What happened to simple civility?

Published 12:00 am Saturday, March 10, 2012

Rush Limbaugh’s recent comments about Georgetown law student Sandra Fluke have drawn much ire from those who oppose his viewpoint and even from those who generally see eye-to-eye with the conservative pundit.

Many have decried his actions as a symptom of the deterioration of civility in American politics. While L’Observateur does not condone his comments, they are not really out of line when one considers the history of American politics in general. After all, Alexander Hamilton was killed in a politically motivated duel. So at least politicians aren’t killing each other any more.

What it is perhaps a symptom of, however, is the deterioration of civility in American society in general. While some may argue the state of civility in America has been on the downslide for decades, it seems to have accelerated in recent years. It is as if everyone has accepted the notion of “truth” put forward by former “American Idol” judge Simon Cowell.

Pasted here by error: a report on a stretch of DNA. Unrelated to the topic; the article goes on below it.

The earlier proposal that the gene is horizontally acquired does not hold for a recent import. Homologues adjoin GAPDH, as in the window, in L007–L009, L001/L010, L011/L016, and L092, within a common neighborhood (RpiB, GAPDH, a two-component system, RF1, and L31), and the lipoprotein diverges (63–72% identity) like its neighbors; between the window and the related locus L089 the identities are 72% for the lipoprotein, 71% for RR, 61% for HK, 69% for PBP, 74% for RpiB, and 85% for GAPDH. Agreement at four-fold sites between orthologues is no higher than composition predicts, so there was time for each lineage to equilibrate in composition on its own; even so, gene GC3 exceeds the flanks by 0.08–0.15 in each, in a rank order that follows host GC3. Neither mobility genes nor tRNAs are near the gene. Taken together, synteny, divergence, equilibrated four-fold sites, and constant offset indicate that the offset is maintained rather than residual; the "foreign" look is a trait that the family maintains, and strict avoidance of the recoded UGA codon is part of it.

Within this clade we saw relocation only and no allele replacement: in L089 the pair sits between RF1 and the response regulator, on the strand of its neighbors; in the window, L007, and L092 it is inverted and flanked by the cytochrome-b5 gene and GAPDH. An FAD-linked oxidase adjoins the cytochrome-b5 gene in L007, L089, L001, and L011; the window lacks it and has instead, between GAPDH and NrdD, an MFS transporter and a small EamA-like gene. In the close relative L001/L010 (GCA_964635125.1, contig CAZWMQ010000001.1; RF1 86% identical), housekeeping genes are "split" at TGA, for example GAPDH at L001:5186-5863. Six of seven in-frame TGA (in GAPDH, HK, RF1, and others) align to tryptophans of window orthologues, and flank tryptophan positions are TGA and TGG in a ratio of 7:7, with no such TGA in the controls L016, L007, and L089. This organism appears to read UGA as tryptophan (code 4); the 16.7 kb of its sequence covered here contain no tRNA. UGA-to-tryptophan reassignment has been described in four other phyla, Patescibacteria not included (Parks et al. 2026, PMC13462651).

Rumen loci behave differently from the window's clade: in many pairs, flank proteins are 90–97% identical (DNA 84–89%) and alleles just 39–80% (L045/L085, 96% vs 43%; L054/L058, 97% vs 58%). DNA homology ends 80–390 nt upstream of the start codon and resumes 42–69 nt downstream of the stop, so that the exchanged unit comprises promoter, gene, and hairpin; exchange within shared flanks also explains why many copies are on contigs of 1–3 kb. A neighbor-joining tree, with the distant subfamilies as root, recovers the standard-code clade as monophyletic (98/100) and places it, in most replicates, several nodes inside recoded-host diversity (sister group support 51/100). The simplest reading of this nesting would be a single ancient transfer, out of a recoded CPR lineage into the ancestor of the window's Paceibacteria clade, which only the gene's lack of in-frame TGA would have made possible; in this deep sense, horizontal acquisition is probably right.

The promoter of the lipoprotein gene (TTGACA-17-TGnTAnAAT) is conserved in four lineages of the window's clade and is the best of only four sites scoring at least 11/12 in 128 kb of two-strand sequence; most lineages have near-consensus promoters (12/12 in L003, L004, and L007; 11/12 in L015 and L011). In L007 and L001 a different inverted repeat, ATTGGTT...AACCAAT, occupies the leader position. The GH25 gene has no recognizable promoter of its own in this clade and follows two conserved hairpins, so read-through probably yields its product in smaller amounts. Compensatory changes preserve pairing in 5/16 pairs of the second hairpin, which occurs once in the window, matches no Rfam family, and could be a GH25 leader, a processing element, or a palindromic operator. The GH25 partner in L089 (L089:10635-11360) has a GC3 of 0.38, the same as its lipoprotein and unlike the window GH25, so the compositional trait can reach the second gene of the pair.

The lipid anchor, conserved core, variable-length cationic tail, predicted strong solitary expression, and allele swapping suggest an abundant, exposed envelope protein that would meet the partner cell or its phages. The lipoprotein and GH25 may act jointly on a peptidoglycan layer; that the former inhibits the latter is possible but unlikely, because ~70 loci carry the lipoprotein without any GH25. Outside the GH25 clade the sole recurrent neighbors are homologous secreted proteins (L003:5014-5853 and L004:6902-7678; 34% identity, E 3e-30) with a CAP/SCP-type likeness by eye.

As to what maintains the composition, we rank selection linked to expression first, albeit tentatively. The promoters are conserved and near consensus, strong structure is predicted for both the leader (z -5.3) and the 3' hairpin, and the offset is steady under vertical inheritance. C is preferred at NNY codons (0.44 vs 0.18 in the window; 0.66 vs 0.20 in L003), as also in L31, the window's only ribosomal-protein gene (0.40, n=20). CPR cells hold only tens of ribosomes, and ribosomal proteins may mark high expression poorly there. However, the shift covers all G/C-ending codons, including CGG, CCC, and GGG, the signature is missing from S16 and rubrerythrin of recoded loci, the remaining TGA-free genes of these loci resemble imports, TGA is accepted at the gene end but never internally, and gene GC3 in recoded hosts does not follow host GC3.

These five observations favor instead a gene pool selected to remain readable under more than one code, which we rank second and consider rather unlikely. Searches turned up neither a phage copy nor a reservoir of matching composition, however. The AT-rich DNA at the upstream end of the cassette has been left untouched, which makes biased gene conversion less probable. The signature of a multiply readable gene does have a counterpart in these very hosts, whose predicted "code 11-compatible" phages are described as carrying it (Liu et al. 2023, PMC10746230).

He hid behind the flag of truth while spewing invectives usually reserved for one’s worst enemies. If you call every singer the “worst you’ve ever heard,” that, by reason of logic, cannot be true unless every succeeding singer is worse than the last — a highly unlikely scenario. Nonetheless, people seem to believe that one can say whatever they want to another human being as long as they finish the statement with “I’m just being truthful.”

Whether one truly feels they are being truthful or not, it must be acknowledged that speaking in the lowest possible terms is not the only way to voice one’s opinion. In fact, one would probably be taken more seriously if he or she spoke in more measured and less offensive terms.

Truth and civility are not mutually exclusive, and American society would probably be better off if it remembered this simple fact.